This week we had International Women’s Day. The date, proposed by the German socialist Clara Zetkin, has its roots in the claims of the feminist movement and the struggles of working women during the 19th and 20th centuries. March 8 was recognized by the United Nations in 1975, on the occasion of the International Year of Women and the 1st World Conference on Women, held in Mexico City.
A look at the global panorama of women’s rights reminds us that the date is an opportunity to reflect on their achievements, demand changes and analyze the long way to go to achieve truly equal societies and democracies.
At the international level, women and girls constitute half of the population and fully guaranteeing their rights benefits society as a whole. Indeed, in addition to being a fundamental human right, gender equality is an imperative for democracy and positively affects the economies and progress of countries in all spheres.
With this process in mind, the UN General Assembly declared the United Nations Decade for Women (1976-1985) and in 1979 approved the Convention on the Elimination of All Forms of Discrimination against Women (CEDAW). In 1995, the 4th International Conference on Women, held in Beijing, claimed women’s rights as human rights and, through the Beijing Declaration and Platform for Action, a roadmap was established for the advancement of women and the achievement of equal opportunities. gender in spheres such as education, health and politics.
More recently, in 2010, the General Assembly also voted to create UN Women, a body whose aim is to advance gender equality and women’s empowerment. Furthermore, the 2030 Agenda for Sustainable Development establishes gender equality as the fifth objective, conceived as an essential foundation for building a peaceful, prosperous and sustainable world.
Despite the reduction of some gaps and important advances in recent decades, such as the increase in laws and institutions in favor of equality, the greater presence of women in politics and the improvement of their educational and salary levels, the problems and difficulties that women and girls face globally are huge. According to UN Women, one in three women in the world has experienced physical or sexual violence at some time.
Due to the widespread existence of discriminatory laws, women also experience various difficulties that prevent their full human and professional development. Women and girls are the main victims of sexual violence during conflicts, they are especially affected by phenomena such as human trafficking and smuggling and, despite the existence of quotas and parity laws, they continue to be underrepresented at the political level.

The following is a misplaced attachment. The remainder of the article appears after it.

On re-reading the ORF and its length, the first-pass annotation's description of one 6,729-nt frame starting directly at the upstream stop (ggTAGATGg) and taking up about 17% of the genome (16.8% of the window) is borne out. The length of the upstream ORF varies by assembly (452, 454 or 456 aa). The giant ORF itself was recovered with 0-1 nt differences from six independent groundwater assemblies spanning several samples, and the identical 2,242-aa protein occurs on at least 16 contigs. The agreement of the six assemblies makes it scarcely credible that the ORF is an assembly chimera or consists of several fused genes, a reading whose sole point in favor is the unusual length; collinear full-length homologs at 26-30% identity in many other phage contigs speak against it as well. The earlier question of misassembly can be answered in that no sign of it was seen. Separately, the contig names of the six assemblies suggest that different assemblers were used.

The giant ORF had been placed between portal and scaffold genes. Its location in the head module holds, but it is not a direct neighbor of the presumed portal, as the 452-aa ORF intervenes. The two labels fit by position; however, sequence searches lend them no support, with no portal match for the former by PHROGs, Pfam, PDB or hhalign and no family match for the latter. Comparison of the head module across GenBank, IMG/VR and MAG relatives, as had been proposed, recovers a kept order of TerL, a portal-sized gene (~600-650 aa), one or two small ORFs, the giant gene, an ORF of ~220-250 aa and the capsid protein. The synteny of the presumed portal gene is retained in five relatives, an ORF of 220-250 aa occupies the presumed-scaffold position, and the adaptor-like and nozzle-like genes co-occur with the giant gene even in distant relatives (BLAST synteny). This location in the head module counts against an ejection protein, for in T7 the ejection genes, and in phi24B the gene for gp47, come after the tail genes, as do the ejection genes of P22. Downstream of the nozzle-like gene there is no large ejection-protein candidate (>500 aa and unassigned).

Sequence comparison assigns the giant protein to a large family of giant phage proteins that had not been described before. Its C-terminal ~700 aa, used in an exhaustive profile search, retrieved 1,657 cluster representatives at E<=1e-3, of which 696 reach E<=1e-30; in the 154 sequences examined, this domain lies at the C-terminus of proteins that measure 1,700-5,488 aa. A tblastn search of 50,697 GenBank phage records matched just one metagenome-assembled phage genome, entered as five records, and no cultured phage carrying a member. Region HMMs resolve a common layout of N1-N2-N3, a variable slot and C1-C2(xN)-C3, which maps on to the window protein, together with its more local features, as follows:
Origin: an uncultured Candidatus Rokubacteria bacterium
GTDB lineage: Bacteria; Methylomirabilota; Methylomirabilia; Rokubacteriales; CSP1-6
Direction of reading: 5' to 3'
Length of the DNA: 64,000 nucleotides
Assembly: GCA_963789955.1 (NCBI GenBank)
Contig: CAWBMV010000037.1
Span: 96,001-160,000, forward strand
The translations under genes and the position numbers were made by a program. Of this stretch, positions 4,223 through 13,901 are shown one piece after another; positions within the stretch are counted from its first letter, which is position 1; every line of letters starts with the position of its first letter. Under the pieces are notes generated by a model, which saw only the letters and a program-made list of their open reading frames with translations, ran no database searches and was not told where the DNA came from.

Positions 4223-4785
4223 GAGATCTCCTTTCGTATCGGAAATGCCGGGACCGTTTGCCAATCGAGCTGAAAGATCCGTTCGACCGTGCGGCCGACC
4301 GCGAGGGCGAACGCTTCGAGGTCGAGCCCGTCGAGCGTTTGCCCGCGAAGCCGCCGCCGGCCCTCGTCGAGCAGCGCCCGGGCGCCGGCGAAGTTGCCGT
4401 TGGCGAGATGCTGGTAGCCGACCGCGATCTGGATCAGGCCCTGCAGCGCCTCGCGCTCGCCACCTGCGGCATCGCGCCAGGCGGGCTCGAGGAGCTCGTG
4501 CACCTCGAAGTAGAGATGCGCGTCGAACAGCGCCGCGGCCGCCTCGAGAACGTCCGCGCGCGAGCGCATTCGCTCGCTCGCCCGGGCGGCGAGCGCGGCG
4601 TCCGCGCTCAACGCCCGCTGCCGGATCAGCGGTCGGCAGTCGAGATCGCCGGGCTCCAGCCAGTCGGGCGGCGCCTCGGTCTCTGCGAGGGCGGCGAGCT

According to a report by the Jean-Jaurès Foundation and the feminist organization Equipop, women’s rights are receding around the world. This process is not just a result of the pandemic that exacerbated inequalities, tripled care for women and exponentially increased violence, lack of jobs and precariousness to which they are exposed. What some call a “backlash” against women’s rights is rather the fruit of the alliance of heterogeneous groups, which include conservative parties and movements, fundamentalist and anti-rights sectors.
After the return of the Taliban, recent bans on women and girls in Afghanistan from working or going to school are just one example. According to Amnesty International, women who opposed the imposition of these measures were threatened, imprisoned and tortured. But the regressions are widespread: the repeal of the right to abortion in the United States, its increasing restriction in countries like Poland, or Turkey’s withdrawal from the historic Istanbul Convention against gender violence, are examples of the loss of acquired rights for women. and girls globally.
António Guterres, Secretary-General of the UN, stressed that achieving gender equality and empowering women and girls are pending tasks of our time and constitute the greatest challenge in terms of human rights at the global level.
In Latin America, the situation is also contradictory. According to Ceapal’s Gender Equality Observatory, the region has some of the highest rates of inequality, violence and gender discrimination in the world. In Latin America, being a woman is a risk factor and multiplies the possibilities of suffering various forms of violence, which has its most extreme version in femicide.
The feminist movement is a pulsating actor in the region and mobilizations to fight discrimination and violence and guarantee rights are widespread, but require structural changes, redefining gender roles and gradually transforming the beliefs and social norms that sustain inequalities.
A significant contribution is the construction of parity democracies, understood as systems that position parity and substantive equality as central axes of participation and political representation in all spheres. Although this objective contemplates the creation of laws on quotas and gender parity, parity is not restricted to advancing the numerical representation of women, but assumes the full recognition of their rights. It is an integral concept that transcends the political and starts from the fact that women are full citizens, must participate in decision-making and can contribute to solutions to common problems.
In our region, initiatives such as Ateneaesparidad or the #NoSinMujeres Network of Politologists support this proposal and make visible the fact that women matter and that without them there is no democracy or integral socioeconomic development. However, today and always, gender equality and building parity democracies must be everyone’s task.
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